Conservationists condemn rejection of ban on bluefin tuna trade

Discussion of a proposal to ban international commercial trade in Atlantic bluefin tuna was cut short today at the largest wildlife trade convention when an immediate vote was pushed through, the conservation charity WWF reported. (Nations wrestle over ban on tuna trade)

“Member governments of the Convention on International Trade in Endangered Species of Wild Fauna and Flora (CITES) chose to vote today on the proposal. 72 out of 129 CITES members voted against the trade ban, 43 voted in favor, with 14 abstentions,” WWF said. (175 governments weigh stricter controls over wildlife trade)

“After overwhelming scientific justification and growing political support in past months–with backing from the majority of catch quota holders on both sides of the Atlantic–it is scandalous that governments did not even get the chance to engage in meaningful debate about the international trade ban proposal for Atlantic bluefin tuna,” said Sergi Tudela, Head of Fisheries at WWF Mediterranean and observer at the CITES Conference of the Parties in Doha.

“The regional fisheries management organization in charge of this fishery–the International Commission for the Conservation of Atlantic Tunas, ICCAT –has repeatedly failed to sustainably manage this fishery,” Tudela added. “ICCAT has so far failed miserably in this duty so every pressure at the highest level must come to bear to ensure it does what it should.”

WWF said it would “proactively call on restaurants, retailers, chefs and consumers around the world to stop selling, serving, buying and eating this endangered species. Already a growing body of the global seafood market sector is choosing to avoid Atlantic bluefin tuna to give the exhausted fish stocks a chance of recovery.”

“It is now more important than ever for people to do what the politicians failed to do–stop consuming bluefin tuna.”

“It is now more important than ever for people to do what the politicians failed to do–stop consuming bluefin tuna,” Tudela said.

“Sad Day for the World”

“Today is a sad day for the world.,” said National Geographic Fellow and Emerging Explorer Enric Sala. “The international community has shown once more its inability to deal with a real crisis.

“The bluefin tuna is being driven to extinction in our lifetimes by commercial hunting. An ocean without bluefin tuna would be like Africa without lions.”

“Deeply disappointing vote”

The CITES committee vote not to protect Atlantic bluefin tuna is an unfortunate step backwards, Susan Lieberman, director of international policy for the Pew Environment Group, said in a statement. “This deeply disappointing vote signals a bleak future for this iconic fish,” she said.

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“This meeting presented a golden opportunity for governments to take a stand against overfishing, and too many governments failed to do so. The Atlantic bluefin tuna will not receive the protections of a suspension in international trade that it so desperately needs. The market for this fish is just too lucrative and the pressure from fishing interests too great, for enough governments to support a truly sustainable future for the fish.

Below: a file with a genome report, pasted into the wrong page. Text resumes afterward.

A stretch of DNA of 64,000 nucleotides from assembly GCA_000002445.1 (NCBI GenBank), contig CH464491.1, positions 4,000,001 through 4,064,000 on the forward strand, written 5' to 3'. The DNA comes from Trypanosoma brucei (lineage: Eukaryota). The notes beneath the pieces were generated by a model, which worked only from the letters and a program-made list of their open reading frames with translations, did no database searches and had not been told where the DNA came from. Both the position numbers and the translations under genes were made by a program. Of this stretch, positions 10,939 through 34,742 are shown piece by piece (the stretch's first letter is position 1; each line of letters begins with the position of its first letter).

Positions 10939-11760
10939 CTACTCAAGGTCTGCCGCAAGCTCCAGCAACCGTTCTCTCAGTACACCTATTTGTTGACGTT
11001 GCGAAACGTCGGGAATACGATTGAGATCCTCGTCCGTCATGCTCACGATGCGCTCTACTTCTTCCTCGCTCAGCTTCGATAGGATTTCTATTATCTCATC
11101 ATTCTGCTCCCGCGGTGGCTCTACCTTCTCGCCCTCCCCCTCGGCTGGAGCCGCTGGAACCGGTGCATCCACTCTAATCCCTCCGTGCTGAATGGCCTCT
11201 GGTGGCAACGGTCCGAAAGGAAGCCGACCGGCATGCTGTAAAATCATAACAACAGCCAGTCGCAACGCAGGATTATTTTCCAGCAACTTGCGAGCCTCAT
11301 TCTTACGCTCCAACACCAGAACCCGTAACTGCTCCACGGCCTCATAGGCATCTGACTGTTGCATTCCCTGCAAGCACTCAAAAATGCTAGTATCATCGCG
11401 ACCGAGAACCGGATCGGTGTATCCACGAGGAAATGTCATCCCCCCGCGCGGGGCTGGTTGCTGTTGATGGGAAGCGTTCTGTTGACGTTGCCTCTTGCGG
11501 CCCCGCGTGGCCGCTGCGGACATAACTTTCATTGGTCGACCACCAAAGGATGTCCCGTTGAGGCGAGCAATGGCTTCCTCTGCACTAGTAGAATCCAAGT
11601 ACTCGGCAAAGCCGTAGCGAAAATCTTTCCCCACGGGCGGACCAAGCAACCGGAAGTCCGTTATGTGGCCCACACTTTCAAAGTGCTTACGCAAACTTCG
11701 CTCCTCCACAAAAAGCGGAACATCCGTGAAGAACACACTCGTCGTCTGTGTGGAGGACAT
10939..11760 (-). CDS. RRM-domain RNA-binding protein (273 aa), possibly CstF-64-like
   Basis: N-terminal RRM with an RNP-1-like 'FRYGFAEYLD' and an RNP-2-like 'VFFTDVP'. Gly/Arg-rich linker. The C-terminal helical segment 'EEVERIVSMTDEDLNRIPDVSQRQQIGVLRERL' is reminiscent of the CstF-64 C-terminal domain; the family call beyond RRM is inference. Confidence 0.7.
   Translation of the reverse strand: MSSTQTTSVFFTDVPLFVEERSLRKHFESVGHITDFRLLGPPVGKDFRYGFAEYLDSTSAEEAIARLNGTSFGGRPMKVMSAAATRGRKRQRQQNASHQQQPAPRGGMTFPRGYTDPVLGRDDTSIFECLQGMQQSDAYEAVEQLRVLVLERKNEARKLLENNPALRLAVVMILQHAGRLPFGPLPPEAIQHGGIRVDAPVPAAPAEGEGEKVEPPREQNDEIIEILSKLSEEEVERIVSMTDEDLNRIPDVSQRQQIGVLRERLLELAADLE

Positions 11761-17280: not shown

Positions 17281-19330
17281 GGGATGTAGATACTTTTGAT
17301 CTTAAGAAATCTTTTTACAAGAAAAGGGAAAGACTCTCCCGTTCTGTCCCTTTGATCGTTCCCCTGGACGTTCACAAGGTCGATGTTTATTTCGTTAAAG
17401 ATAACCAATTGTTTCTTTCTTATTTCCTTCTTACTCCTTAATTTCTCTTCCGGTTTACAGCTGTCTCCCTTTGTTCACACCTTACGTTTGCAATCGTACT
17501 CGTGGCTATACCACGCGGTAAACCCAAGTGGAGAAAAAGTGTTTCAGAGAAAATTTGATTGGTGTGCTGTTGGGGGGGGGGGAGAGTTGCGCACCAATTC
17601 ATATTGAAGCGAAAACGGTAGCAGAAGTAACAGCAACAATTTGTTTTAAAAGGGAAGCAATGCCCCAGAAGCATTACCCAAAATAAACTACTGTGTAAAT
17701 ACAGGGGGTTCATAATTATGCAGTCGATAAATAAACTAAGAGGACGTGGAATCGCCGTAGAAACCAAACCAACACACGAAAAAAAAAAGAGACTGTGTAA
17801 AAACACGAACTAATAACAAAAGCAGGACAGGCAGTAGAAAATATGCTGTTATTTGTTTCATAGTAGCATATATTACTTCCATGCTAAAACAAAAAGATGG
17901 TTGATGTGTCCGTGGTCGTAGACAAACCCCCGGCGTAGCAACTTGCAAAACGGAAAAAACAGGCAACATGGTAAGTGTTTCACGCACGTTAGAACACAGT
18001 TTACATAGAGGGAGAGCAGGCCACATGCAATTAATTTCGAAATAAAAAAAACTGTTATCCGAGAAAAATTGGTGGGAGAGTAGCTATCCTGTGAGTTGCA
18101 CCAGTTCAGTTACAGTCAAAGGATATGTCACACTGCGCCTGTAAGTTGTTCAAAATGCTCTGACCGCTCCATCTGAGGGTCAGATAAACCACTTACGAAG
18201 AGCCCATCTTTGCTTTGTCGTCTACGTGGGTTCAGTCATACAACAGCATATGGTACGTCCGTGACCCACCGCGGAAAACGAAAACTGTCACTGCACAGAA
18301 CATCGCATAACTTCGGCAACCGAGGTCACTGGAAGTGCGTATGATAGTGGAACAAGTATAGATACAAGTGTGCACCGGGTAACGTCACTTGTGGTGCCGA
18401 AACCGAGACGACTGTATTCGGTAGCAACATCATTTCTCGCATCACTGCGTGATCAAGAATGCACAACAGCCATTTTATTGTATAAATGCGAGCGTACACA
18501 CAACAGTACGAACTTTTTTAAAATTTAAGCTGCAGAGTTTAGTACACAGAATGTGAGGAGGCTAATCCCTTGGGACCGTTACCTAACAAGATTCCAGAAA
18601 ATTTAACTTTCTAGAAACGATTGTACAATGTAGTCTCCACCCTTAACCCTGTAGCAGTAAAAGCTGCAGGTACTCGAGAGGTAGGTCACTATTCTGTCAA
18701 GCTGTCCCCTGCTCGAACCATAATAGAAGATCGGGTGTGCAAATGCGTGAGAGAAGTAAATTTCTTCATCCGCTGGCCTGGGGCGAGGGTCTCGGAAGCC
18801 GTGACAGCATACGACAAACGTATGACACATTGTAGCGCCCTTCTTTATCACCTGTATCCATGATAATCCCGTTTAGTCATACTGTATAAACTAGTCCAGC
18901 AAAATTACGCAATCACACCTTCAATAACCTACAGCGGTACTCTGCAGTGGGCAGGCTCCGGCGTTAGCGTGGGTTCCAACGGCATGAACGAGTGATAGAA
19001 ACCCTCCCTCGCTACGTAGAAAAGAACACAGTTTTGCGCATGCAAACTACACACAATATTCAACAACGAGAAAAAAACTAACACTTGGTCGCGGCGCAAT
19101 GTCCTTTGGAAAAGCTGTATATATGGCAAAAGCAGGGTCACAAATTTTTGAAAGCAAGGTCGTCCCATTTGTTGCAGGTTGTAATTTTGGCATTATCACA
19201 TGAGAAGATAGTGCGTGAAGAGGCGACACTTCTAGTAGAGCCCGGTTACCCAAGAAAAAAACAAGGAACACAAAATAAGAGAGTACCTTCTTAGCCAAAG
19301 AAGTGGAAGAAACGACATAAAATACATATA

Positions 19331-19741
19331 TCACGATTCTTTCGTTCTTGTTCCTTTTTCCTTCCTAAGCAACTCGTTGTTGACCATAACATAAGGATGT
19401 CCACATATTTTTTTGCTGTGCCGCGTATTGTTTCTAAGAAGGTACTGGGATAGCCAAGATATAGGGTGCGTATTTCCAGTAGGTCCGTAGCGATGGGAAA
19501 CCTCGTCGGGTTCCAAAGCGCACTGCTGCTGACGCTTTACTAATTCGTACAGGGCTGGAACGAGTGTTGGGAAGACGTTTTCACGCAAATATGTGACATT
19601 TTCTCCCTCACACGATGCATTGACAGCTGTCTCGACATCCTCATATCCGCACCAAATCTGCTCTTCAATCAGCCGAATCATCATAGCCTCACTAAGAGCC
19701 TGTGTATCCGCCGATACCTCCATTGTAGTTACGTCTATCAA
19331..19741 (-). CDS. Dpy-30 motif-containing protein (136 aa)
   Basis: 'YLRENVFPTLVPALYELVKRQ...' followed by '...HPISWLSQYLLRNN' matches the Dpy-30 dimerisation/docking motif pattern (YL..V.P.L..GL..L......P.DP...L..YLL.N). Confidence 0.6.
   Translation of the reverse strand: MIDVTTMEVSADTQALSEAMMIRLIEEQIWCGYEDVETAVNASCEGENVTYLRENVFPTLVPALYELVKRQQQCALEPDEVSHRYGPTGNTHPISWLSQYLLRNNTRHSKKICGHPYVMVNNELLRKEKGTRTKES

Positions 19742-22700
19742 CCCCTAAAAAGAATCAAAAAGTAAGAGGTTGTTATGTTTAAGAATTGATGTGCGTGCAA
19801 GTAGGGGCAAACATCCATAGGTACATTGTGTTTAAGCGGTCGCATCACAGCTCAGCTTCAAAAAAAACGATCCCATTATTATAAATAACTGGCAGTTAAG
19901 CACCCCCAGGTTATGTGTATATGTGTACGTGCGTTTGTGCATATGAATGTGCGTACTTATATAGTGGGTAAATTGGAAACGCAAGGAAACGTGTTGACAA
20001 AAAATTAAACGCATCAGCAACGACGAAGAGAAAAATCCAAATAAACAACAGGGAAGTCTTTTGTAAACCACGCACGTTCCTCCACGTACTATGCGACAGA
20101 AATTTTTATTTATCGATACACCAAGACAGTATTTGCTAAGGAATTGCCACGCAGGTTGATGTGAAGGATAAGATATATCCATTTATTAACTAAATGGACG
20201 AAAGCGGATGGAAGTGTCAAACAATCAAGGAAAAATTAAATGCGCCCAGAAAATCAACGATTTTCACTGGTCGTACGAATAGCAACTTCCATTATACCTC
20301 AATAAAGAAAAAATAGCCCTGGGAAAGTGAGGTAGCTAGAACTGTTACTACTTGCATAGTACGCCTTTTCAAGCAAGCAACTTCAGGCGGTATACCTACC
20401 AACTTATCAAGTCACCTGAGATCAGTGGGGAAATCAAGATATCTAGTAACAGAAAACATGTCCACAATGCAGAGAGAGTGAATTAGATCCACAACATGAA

“Today’s vote puts the fate of Atlantic bluefin tuna back in the hands of ICCAT, the very body that drove the species to the disastrous state it is now in. Despite past failures, we call upon ICCAT and its member governments to learn from the debate here at CITES and understand that the long-term viability of the fishing industries they regulate depends on the long-term survival of the fish,” Lieberman said.

Ocean conservation organization Oceana released the following statement from senior campaign director Dave Allison:

“In a clear win by short-term economic interest over the long-term health of the ocean and the rebuilding of Atlantic bluefin tuna populations and fishery, CITES today voted to deny prohibition of the international trade of the species.

“In an additional attack on transparency of action by the international community, Iceland called for a secret vote that prevented the countries votes from being disclosed.

“Although there were repeated calls from delegates from the E.U., U.S. and Monaco to allow time for parties to meet and arrive at a compromise position, a Libya delegate forced a preemptory vote on the E.U. proposal, which resulted in a 43 to 72 vote, with 14 abstaining. The final vote on the Monaco proposal was 20 to 68, with 30 abstaining.”


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More than forty years in U.S., UK, and South African media gives David Max Braun global perspective and experience across multiple storytelling platforms. His coverage of science, nature, politics, and technology has been published/broadcast by the BBC, CNN, NPR, AP, UPI, National Geographic, TechWeb, De Telegraaf, Travel World, and Argus South African Newspapers. He has published two books and won several journalism awards. In his 22-year career at National Geographic he was VP and editor in chief of National Geographic Digital Media, and the founding editor of the National Geographic Society blog, hosting a global discussion on issues resonating with the Society's mission and initiatives. He also directed the Society side of the Fulbright-National Geographic Digital Storytelling Fellowship, awarded to Americans seeking the opportunity to spend nine months abroad, engaging local communities and sharing stories from the field with a global audience. A regular expert on National Geographic Expeditions, David also lectures on storytelling for impact. He has 120,000 followers on social media: Facebook  Twitter  LinkedIn